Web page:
As I sit here in front of my computer, my fingers hovering over the keys impatiently waiting for my brain to come up with a topic to write about, I started to reflect upon all that has happened in the past year.
This year has been especially difficult for many of the soil and water conservation districts throughout the state, and our office was no exception. With significant cuts in both our local and state funding, it has been a constant struggle to keep the office functioning as it should.
We have witnessed many changes this year, some have been for the good but unfortunately, most have not. As I think back on these changes, I have come to realize what a great organization this is and how fortunate I am to work with this great group of professionals.
These are people who don’t know the meaning of the word defeat and who will, when knocked down, pick themselves up by their boot straps and trudge on.
District employees are some of the best people to work with. We have a vast pool of skilled and experienced employees who are willing to share their knowledge and experiences with others throughout the state. It doesn’t matter that we are, for the most part, complete strangers; it only matters that we all have a common passion — conservation.
Time and time again, district employees from around the state have stepped in to help another district with a problem or concern. If a problem arises that they are not sure how to solve, a quick e-mail will produce countless solutions in a matter of minutes.
These devoted people are innovative in their thinking and problem solving while keeping our natural resources foremost in their minds. Conserving and improving natural resources are the main concern at all soil and water districts; unfortunately this economic crisis put a strain on these efforts. Very few districts throughout the state were immune to the economic and financial problems of our local, state and federal government.
However, we don’t dwell on what we can’t do; we work on how to do more with less. Districts manage to overcome and conquer these problems in a down-to-earth and sensible manner, much like we do with conservation concerns.
I know that our office, as well as just about every office in our area, has had to cut back on staff, office space and hours just to keep afloat; however one thing our offices will not sacrifice is our service to the county residents. We will strive to provide the same quality service and programs as we have in the past.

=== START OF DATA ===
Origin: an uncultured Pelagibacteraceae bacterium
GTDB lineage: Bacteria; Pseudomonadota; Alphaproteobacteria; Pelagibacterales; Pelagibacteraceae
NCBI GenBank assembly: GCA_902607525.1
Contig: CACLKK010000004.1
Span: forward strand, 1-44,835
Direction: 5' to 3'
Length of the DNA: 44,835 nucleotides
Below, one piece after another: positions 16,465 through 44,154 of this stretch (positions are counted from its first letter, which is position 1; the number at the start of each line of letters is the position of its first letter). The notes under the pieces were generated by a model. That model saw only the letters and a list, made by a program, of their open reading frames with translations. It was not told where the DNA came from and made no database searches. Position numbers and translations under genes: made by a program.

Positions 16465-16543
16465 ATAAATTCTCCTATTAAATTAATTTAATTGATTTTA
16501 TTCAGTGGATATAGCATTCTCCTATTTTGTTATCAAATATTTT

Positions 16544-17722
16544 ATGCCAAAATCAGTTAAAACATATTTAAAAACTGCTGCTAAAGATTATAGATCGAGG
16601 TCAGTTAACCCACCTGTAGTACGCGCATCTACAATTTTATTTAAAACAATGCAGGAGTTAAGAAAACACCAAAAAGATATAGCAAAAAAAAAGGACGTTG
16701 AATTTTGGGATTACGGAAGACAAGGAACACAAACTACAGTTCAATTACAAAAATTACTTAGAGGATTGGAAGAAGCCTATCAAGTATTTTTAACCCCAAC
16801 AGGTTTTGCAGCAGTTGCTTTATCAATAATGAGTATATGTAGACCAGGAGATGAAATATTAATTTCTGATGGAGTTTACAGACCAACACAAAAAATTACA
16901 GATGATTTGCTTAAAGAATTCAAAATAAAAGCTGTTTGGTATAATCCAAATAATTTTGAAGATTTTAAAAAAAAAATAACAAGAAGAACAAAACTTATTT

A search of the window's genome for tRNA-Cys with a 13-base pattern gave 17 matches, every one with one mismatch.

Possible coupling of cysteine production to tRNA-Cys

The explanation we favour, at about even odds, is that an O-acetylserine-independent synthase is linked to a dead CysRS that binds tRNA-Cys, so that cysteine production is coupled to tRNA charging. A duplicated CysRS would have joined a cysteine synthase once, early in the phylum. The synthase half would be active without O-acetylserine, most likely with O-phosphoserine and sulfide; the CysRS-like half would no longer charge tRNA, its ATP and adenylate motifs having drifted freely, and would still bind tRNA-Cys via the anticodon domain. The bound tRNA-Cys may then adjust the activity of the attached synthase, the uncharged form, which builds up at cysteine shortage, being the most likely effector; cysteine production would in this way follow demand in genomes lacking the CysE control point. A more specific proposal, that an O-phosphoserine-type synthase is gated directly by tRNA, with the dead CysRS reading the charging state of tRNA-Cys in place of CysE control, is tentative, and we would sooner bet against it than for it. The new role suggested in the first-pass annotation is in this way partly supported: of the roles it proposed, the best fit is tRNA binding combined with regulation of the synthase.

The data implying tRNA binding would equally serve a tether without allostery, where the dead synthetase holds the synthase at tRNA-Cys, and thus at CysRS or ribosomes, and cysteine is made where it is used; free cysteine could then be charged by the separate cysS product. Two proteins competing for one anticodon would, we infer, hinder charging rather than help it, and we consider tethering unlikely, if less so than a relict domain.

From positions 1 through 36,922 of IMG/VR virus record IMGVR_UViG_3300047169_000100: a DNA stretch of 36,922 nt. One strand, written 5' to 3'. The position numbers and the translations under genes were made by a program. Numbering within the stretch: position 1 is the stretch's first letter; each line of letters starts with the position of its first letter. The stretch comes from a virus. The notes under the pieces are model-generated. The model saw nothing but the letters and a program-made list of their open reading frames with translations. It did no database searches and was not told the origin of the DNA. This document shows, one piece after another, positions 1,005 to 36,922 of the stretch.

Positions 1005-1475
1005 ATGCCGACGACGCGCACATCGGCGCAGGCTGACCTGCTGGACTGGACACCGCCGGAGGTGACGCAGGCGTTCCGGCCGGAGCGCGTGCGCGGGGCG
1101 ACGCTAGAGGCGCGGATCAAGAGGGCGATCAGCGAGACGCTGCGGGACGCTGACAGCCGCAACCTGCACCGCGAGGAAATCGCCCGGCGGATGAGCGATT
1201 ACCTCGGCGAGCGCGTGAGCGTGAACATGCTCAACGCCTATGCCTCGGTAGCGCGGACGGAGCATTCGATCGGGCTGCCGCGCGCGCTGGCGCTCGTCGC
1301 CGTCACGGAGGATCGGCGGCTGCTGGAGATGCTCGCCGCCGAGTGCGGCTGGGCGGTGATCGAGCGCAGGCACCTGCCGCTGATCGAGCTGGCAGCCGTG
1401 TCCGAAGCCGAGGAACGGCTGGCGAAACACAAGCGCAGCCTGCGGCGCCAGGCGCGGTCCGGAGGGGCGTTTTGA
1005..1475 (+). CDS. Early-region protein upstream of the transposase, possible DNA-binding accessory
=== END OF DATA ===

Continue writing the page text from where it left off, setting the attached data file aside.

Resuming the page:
District employees do not accomplish this single-handedly; we are proud of the great leadership in our board of supervisors. These dedicated men and women serve without pay for the benefit of the county and its residents. They donate their time and talents to promote soil conservation and improve the quality of our water.
Board members have had to make some tough decisions this year in many of our counties; decisions that not only affect the district offices but the lives of the employees themselves. These decisions, while unavoidable in most cases, are necessary nonetheless and were not made without careful thought and consideration.
Conservation is a way of life for us and hopefully these financial difficulties are just a stumbling block that we have to contend with occasionally. So even though there may be fewer of us in less hours and smaller spaces, rest assured that our commitment to conservation will not falter.
With a new year beginning we are optimistic that better days lie ahead and look forward to another rewarding year in the world of soil and water conservation. As we ring in 2011, let me, on behalf of all the soil and water conservation employees and supervisors, wish you a healthy, happy and prosperous new year.
(Jodi Cespedes is an administrative assistant at Stark Soil and Water Conservation District. She has worked at Stark SWCD for eight years.)
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